A recent survey released by the Office for National Statistics (ONS) this month revealed the impact of caring for those who are living longer. People are staying in work for more years, which is having an impact on care.
Our blog this month looks into the need for care and how long life expectancy is making an impact.
Working and Caring
With an ageing workforce, it is inevitable that more people will need to look after individuals whilst working. As of 2016, informal care was estimated at a value of £59.5 billion per year. There has also been a significant rise in the age of those caring. The ONS revealed that 3 out of 5 carers in England and Wales were over 50 years of age.
An issue that we face is the need to work for longer. As people push back retirement and continue their employment, there will be a clash between the need for and giving of care.
About Unpaid Care
A large proportion of care provided in the UK is unpaid. This comes from family members and friends, placing responsibilities on a number of different people in society. Additionally, the report shows that women are more likely to work part time than men. Below is an infographic demonstrating this divide:
Of those women that work, 24% (1 in 4) provide support alongside their own employment. This differs in men as only 13% (1 in 8) work while providing care. However, men are more likely to look after their spouse, whereas women are caring for a broader range of people.
Of men supporting their other half, more than two-thirds of them are still in work. This means that they are responsible for caring as well as completing external responsibilities.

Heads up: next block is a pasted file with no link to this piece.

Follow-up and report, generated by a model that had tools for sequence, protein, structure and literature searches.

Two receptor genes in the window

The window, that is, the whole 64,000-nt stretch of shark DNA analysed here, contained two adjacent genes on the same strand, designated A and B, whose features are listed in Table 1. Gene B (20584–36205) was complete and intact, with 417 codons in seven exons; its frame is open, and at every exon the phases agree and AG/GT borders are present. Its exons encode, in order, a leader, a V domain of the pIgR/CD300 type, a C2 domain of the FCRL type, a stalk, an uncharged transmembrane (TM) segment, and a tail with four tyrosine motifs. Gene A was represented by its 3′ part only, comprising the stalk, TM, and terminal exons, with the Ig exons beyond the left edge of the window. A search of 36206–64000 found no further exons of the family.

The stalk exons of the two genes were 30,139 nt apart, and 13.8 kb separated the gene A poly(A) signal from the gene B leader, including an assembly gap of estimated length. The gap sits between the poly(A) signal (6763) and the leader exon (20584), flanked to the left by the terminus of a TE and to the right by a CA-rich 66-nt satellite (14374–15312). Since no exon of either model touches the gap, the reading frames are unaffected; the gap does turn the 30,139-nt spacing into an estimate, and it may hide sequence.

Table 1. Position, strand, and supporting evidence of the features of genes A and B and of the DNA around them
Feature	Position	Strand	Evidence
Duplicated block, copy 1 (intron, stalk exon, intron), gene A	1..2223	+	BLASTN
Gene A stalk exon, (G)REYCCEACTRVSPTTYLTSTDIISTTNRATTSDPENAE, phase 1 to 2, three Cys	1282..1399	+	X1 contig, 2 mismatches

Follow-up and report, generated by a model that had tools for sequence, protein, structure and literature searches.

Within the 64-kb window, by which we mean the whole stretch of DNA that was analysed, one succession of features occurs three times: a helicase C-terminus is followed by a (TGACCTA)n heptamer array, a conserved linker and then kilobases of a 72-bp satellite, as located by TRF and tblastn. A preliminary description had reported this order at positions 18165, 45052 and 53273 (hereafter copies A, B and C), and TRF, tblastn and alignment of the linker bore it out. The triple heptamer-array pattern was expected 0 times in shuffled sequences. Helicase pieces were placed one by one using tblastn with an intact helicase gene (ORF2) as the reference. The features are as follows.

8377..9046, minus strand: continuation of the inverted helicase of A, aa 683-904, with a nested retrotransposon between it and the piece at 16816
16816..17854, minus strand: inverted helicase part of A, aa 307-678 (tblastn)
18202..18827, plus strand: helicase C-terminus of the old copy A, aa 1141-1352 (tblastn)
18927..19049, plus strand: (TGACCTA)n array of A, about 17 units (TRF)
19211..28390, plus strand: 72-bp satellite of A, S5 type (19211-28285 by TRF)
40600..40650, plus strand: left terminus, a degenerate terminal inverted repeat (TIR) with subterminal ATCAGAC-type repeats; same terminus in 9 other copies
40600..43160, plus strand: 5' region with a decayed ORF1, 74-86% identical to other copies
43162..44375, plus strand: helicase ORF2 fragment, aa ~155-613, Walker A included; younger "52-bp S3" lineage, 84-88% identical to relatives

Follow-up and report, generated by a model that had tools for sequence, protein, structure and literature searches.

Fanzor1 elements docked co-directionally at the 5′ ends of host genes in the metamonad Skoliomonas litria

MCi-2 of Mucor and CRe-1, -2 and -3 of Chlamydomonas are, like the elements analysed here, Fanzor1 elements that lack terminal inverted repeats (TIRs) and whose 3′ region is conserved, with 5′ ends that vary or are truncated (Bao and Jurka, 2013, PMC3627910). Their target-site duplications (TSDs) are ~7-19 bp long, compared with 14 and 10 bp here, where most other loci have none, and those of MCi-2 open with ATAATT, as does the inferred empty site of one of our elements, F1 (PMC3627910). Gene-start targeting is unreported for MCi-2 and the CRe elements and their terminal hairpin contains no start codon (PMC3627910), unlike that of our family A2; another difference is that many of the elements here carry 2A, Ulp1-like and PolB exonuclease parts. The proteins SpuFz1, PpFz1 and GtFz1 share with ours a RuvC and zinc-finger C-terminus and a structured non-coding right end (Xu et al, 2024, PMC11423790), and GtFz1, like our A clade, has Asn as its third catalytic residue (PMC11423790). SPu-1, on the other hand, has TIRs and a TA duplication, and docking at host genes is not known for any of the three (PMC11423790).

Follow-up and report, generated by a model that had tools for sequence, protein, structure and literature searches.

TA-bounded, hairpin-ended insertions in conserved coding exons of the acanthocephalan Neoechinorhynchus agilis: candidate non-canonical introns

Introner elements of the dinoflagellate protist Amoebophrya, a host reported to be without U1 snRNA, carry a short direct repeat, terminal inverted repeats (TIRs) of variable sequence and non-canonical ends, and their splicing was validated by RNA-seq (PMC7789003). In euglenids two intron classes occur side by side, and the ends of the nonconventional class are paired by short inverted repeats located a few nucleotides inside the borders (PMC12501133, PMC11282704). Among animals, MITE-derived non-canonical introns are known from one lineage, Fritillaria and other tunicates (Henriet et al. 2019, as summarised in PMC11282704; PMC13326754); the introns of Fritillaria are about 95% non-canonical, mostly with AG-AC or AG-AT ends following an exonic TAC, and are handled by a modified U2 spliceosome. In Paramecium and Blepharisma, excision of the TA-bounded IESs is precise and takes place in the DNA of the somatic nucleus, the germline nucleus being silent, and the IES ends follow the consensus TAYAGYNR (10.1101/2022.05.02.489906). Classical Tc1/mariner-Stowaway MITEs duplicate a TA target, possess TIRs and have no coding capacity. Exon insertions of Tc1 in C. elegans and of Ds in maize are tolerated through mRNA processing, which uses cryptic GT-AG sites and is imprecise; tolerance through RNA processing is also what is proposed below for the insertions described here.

Another interesting outcome from the report is that the most common type of caring is for a parent. It is estimated that 29% of that provided informally is for this group. Of those taking on this responsibility, 64% are still in work.
ONS also outlined that less than 16 hours a week are spent on informal care for parents. The most time spent caring is given to children (75.6% 16 hours +) followed by spouses (70.5% 16 hours +).
Impact on Carers
As more and more people take up the responsibility of caring, it is important to consider what impact this is having on health and wellbeing. Research has shown that men feel less lonely if they continue to work whilst caring. In total, 17.5% of non-working male carers aged between 52 and 69 years in England reported feeling alone. This is compared to 6.6% in the same age range who were working.
However, the figures are different for female carers. Instead, 13% of those working and 12.3% of those not working said they were experiencing loneliness. These figures show little difference, highlighting how working does not impact on a female carers likelihood of loneliness.
What Does This Mean?
It is crucial that we all consider the personal cost of providing care for our loved ones. As people spend more time working, it can easily become a strain to care for those around us.
Here at Horizon Care we provide a professional and person-centred care service for those around the South West.